# How does a capacitor reduce voltage drop in a DC motor start?

I know that a capacitor stores charge: C=Q/V

but what i don't understand is how this would reduce the voltage drop caused by high current draw.

My theory is that the capacitor would need to be in parallel with a conductor (minimal resistance) and then connected to the motor.

simulate this circuit – Schematic created using CircuitLab

(Diode is motor)

By doing this, current will only be drawn from the capacitor when the power source can't supply enough.

If this is true why? and if it this isn't true how is capacitor supposed to be set up then? what would happen if the capacitor is in series?

• The cap should be in shunt and only big enough to compensate for transient commutation spikes, not boost conductance of weak batteries or supply, The intent is to absorb RF loop currents but not damage the armature from arc pitting on surface from excess watt-seconds of arc energy. So the cap should be sized according to radiated noise and located directly near motor. cable inductance is also a factor. – Tony Stewart Sunnyskyguy EE75 Nov 23 '16 at 22:03

What you show is just a diode in parallel with a voltage source. There is no capacitor here since it's shorted. Removing the capacitor would change nothing.

It's not clear what you are really asking, but some types of motors have a "startup capacitor" in them. These types of motors run on AC, and don't have any torque when the rotation speed is 0. The capacitor unbalances the motor to cause some torque at 0 speed.

This capacitor would reduce efficiency at normal operating speed, so there is usually a way to switch it out of the circuit. A common means is a centrifugal switch.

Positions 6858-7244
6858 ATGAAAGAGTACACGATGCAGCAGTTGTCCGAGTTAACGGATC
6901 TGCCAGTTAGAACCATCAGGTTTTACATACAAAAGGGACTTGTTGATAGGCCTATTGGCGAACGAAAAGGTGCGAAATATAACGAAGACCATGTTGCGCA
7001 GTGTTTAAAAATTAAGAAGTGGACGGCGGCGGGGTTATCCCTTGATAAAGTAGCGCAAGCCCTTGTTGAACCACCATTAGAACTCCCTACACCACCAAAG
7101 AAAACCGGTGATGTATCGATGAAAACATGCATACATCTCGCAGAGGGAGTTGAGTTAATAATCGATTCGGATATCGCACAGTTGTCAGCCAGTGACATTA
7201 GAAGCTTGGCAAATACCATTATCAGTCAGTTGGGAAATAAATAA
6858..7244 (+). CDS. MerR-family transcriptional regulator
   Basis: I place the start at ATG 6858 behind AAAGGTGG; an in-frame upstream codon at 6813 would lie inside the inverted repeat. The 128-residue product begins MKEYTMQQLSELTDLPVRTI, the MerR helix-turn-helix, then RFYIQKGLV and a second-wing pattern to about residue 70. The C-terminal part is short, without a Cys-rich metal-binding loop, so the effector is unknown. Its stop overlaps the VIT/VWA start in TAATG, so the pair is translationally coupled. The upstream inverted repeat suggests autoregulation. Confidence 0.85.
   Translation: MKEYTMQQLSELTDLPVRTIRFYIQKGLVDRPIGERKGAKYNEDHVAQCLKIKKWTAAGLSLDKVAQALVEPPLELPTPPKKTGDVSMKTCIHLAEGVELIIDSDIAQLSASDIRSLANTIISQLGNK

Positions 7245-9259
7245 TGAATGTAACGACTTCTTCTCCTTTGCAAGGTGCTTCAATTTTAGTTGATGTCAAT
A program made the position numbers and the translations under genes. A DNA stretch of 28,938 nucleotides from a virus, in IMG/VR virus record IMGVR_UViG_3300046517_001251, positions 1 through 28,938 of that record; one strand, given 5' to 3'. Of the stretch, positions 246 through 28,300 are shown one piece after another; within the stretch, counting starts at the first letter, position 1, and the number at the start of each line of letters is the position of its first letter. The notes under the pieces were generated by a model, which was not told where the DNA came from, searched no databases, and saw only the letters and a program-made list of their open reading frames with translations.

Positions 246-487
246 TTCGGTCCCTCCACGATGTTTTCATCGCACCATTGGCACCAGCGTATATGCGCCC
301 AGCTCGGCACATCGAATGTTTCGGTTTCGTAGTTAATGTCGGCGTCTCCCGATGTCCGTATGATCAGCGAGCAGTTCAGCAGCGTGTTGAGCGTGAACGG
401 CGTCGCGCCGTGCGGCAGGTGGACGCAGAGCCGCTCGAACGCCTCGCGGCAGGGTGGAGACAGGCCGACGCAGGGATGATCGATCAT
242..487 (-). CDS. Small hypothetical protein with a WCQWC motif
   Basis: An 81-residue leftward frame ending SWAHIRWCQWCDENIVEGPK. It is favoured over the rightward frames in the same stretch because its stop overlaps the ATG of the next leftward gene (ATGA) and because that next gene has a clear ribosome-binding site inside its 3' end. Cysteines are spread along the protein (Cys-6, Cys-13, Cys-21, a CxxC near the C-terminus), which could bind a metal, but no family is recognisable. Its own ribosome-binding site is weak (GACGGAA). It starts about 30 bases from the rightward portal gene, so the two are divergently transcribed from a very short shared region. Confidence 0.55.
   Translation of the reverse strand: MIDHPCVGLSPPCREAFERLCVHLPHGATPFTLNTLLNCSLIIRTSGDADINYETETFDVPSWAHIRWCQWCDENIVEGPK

If you really mean a capacitor in parallel with the power supply a DC motor is connected to, then that's just a capacitor holding up a supply. There is nothing special about a motor being connected to that supply.

A large capacitor across a supply provides extra charge to the load when the supply voltage drops. This helps the supply look more beefy to the load than it really is, at least in the short term. In effect, the supply/capacitor combination is capable of larger short term current than just the supply alone.

A motor draws a surge of current at startup, so a capacitor can help. However, this motor initial current surge is "long", so in most cases a unrealistically large capacitor would be needed to make a significant difference.

A small capacitor across a motor can help to reduce emissions. The capacitor keeps the voltage more steady, and keeps the high frequency noise current circulating close to the motor. The time over which such a capacitor can make a meaningful difference in holding up the voltage is so small that this only does anything useful at frequencies that can radiate.

• perhaps he meant a DC motor, where e-caps across small power motors get a boost in power at the expense of faster wearout – Tony Stewart Sunnyskyguy EE75 Nov 23 '16 at 23:21
• @Tony: You may be right. I have added to the answer. – Olin Lathrop Nov 24 '16 at 16:08